It is now a waiting game as former Attorney-General Martin Amidu’s oral examination of businessman Alfred Agbesi Woyome has been put on hold by the Supreme Court till January 26, 2017.
The case was adjourned last Thursday pending the determination of two other cases challenging the court’s judgement that gave Mr Amidu the green light to question Mr Woyome over the refund of a GHS51.2 million judgement debt paid to him by the government.
Mr Amidu, popularly known as ‘Citizen Vigilante’, was given the go-ahead to orally examine the businessman by the Supreme Court, presided over by Mr Justice Anin Yeboah on November 16, 2016.
That was after the Attorney-General, Mrs Marietta Brew Appiah-Opong, had filed to discontinue with the process to orally examine the embattled businessman.
The oral examination has now taken three different dimensions, with two cases challenging the legality of the court’s decision to allow Mr Amidu to query the businessman.
First, Mr Woyome’s legal team has filed an application for review, seeking to reverse the decision of the Supreme Court to be orally examined by the former Attorney-General.
That case has been adjourned sine die by the court following another application by a legal practitioner, Mr David Kwadzo Ametefe, seeking a constitutional interpretation of the November 16, 2016 judgement that allowed Mr Amidu to orally examine Mr Woyome.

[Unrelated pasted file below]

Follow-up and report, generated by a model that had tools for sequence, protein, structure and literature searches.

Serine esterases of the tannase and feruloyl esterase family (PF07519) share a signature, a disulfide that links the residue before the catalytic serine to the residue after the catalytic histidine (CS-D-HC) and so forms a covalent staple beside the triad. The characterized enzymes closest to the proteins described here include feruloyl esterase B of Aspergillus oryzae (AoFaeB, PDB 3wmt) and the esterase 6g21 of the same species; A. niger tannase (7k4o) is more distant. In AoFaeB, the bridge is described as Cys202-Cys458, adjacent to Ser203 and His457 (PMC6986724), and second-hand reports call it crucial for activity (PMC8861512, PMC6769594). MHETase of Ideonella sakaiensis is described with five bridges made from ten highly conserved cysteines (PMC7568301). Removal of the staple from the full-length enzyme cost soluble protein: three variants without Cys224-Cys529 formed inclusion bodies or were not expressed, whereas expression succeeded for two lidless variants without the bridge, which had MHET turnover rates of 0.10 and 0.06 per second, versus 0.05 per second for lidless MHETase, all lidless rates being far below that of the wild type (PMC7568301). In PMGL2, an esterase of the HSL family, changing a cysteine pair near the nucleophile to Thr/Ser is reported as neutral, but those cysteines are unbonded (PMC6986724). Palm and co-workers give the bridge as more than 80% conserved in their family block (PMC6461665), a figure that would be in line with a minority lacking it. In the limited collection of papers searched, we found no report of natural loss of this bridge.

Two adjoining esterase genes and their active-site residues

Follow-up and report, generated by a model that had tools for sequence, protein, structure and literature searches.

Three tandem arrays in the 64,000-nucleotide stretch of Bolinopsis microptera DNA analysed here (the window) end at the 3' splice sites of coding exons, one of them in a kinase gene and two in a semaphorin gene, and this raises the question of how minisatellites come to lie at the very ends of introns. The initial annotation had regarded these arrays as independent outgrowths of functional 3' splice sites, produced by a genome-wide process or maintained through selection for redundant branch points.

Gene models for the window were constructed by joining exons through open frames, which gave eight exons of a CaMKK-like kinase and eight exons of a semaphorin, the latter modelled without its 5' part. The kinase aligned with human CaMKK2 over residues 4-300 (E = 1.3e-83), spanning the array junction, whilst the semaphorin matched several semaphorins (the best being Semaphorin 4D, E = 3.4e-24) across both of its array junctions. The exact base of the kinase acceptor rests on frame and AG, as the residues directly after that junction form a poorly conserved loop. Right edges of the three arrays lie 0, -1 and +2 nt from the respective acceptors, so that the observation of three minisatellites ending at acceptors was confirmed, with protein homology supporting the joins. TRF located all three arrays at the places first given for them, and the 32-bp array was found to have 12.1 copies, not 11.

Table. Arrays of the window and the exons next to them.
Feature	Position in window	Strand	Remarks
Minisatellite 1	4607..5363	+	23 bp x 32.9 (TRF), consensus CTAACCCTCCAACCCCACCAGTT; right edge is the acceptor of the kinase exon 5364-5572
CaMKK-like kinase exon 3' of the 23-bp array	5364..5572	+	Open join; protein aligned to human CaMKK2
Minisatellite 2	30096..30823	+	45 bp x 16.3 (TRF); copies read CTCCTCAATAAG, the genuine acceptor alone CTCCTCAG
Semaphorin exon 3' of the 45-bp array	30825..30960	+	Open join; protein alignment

Hearing of the constitutional interpretation of the judgement will continue on January 10, 2016.
Mr Ametefe is seeking a declaration that upon a true and proper interpretation of articles 2 (1), 128, 130 and 134 of the 1992 Constitution, a single justice of the Supreme Court has no jurisdiction to determine matters involving the interpretation of the Constitution.
He, therefore, wants an order from the court quashing the judgement that granted Mr Amidu the permission to orally examine the businessman.
With two different legal battles seeking to stop the oral examination, it seems the oral examination will not happen as immediately as expected.
But the change in government could change everything as the incoming New Patriotic Party (NPP) administration made it a campaign promise to vigorously pursue the repayment of the GH¢51.2 million judgement debt paid to the embattled businessman.
Such a situation will somehow stop Mr Amidu’s relentless effort to grill the businessman.
In 2014, the Supreme Court ordered Mr Woyome to refund the GH¢51.2 million judgement debt paid to him by the government because there was no valid contract between him and the government.
The court, again on November 16, 2016, granted permission to Mr Amidu to orally examine Mr Woyome over his assets.
The court’s directive was aimed at eventually retrieving the GHS51.2 million judgement debt paid to Woyome.
Mr Justice Yeboah said Mr Amidu had the right, under Article 2 of the 1992 Constitution to invoke the original jurisdiction of the court to retrieve the money on behalf of the state.
He said Mr Amidu had locus standi, especially as it was he who had initiated the action to retrieve the money.